Wisconsin Public Radio

State Modernizing Unemployment System

State spending $16.5 million to fix system after it was overwhelmed by pandemic unemployment.

By , Wisconsin Public Radio - Sep 30th, 2021 11:31 am
The Wisconsin Department of Workforce Development. Angela Major/WPR

The Wisconsin Department of Workforce Development. Angela Major/WPR

The Wisconsin Department of Workforce Development moved forward Wednesday with plans to modernize the state’s unemployment insurance system as it emerges from problems brought to light by the COVID-19 pandemic.

Madison-based software development company Flexion will help bring the department’s decades-old computer systems and technology up to date as part of a $16.5 million contract. Flexion was chosen as part of a bidding process that attracted 18 applicants, according to a press release.

“This contract represents just one aspect of DWD’s multifaceted approach to improve service for our customers, including employers, job seekers, current employees and those experiencing disruption in their employment,” DWD Secretary Amy Pechacek said in a Wednesday morning media briefing. “The first steps of the project will establish a solid foundation for a new system that will be flexible and dynamic to meet changing needs.”

The economic shutdown that began in March 2020 as the state reckoned with the early impact of the coronavirus created a backlog of hundreds of thousands of unemployment claims as the system struggled to cope with the influx of claims. In some cases, potential applicants couldn’t get through to the department’s call center to complete the process.

“With the pandemic, we saw a significant increase, you know, day over day … and it was exacerbated in our state by the antiquated technology and our inability to process code and move through just the sheer volume of claims,” said Pechacek.

The department also stumbled in implementing federal pandemic unemployment programs. DWD overpaid millions of dollars in unemployment benefits in April because of technology errors, according to a Legislative Audit Bureau report.

The ongoing difficulties came to a head in September 2020, when Gov. Tony Evers fired Caleb Frostman, the department’s secretary at the time. At that point, DWD was still processing around 713,000 claims made since the start of the pandemic.

Pechacek said the department has been working on a number of changes in recent months, including updates to its claims portal. She said people looking to apply for unemployment are now able to upload documents supporting their claims directly to the portal, rather than having to mail or fax them, as was previously the case.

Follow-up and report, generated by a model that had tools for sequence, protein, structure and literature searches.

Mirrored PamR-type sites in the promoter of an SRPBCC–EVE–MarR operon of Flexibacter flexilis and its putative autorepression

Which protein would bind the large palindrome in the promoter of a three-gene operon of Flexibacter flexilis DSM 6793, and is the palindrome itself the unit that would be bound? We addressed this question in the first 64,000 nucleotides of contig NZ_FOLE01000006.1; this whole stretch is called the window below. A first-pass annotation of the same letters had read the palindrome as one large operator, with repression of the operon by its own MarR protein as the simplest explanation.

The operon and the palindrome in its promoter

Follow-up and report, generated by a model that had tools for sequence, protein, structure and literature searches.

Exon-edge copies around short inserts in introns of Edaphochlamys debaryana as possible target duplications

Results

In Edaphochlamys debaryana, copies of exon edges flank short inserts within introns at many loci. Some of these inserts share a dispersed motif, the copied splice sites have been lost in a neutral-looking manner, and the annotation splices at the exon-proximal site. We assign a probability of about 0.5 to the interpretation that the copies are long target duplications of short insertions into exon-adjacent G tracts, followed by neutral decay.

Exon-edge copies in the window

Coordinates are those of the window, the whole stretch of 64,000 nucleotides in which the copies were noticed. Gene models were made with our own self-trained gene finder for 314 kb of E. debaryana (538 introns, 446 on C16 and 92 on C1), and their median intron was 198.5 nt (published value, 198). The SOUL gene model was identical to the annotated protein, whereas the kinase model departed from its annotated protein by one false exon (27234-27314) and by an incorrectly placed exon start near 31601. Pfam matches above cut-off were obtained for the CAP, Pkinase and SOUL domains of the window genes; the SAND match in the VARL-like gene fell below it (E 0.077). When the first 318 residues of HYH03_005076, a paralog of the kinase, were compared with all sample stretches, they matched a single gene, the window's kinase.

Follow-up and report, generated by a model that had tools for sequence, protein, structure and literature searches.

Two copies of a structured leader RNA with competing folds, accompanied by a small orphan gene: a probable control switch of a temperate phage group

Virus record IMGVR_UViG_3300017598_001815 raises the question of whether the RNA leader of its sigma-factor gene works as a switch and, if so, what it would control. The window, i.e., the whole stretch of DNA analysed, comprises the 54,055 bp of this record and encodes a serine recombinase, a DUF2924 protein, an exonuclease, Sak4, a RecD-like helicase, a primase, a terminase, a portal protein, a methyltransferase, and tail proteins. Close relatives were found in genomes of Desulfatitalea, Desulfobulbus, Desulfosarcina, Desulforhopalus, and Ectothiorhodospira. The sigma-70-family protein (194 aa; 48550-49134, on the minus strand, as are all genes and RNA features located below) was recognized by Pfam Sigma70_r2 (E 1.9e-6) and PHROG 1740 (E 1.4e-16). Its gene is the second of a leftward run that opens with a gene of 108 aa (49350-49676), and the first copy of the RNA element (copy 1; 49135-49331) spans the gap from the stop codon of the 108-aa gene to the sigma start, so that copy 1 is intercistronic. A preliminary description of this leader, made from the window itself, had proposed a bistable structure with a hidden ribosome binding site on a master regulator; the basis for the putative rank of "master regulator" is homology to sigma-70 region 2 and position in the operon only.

Another initiative the department has taken is simplifying language used in applications.

“They were very long, wordy questions in the application full of jargon, lots of acronyms,” said Pechacek. “The application is now in plain language to be more accessible and more clear about what the department is looking for in terms of information to be able to process benefits quickly.”

DWD is working to release updates to the unemployment system as they become ready, said Stacia Jankowski of the department’s Office of Integrity and Accountability.

“Our modernization strategy reflects an iterative approach to … customer service improvements as soon as possible while claims processing continues uninterrupted,” said Jankowski.

Jankowski said the overall cost of those modernization efforts was projected to be around $80 million. According to the department press release, federal funds from the American Rescue Plan Act and the CARES Act are paying for those upgrades.

The changes would bring more timeliness and automation into DWD’s operations, such as in the addition of chat bots and virtual agents, said Neeraj Kulkarni, the department’s chief information officer and IT bureau director.

“DWD will be able to respond quickly to changing UI needs through greater flexibility in hiring and training resources to assist in times of need because using the system will be familiar and intuitive,” said Kulkarni.

In recent months, the department has also entered partnerships with Google Cloud Platform, NICE CXone, and a U.S. Department of Labor Tiger Team. The latter partnership is meant to help DWD expand efforts against fraud, according to the press release.

Other changes in the pipeline include modernizing the department’s call center to allow extended hours and make it so applicants can file and keep track of claims over the phone. Pechacek said she expected that project to be completed in February of next year.

Listen to the WPR report here.

Modernization Efforts Are Moving Forward For Wisconsin’s Outdated Unemployment System was originally published by Wisconsin Public Radio.

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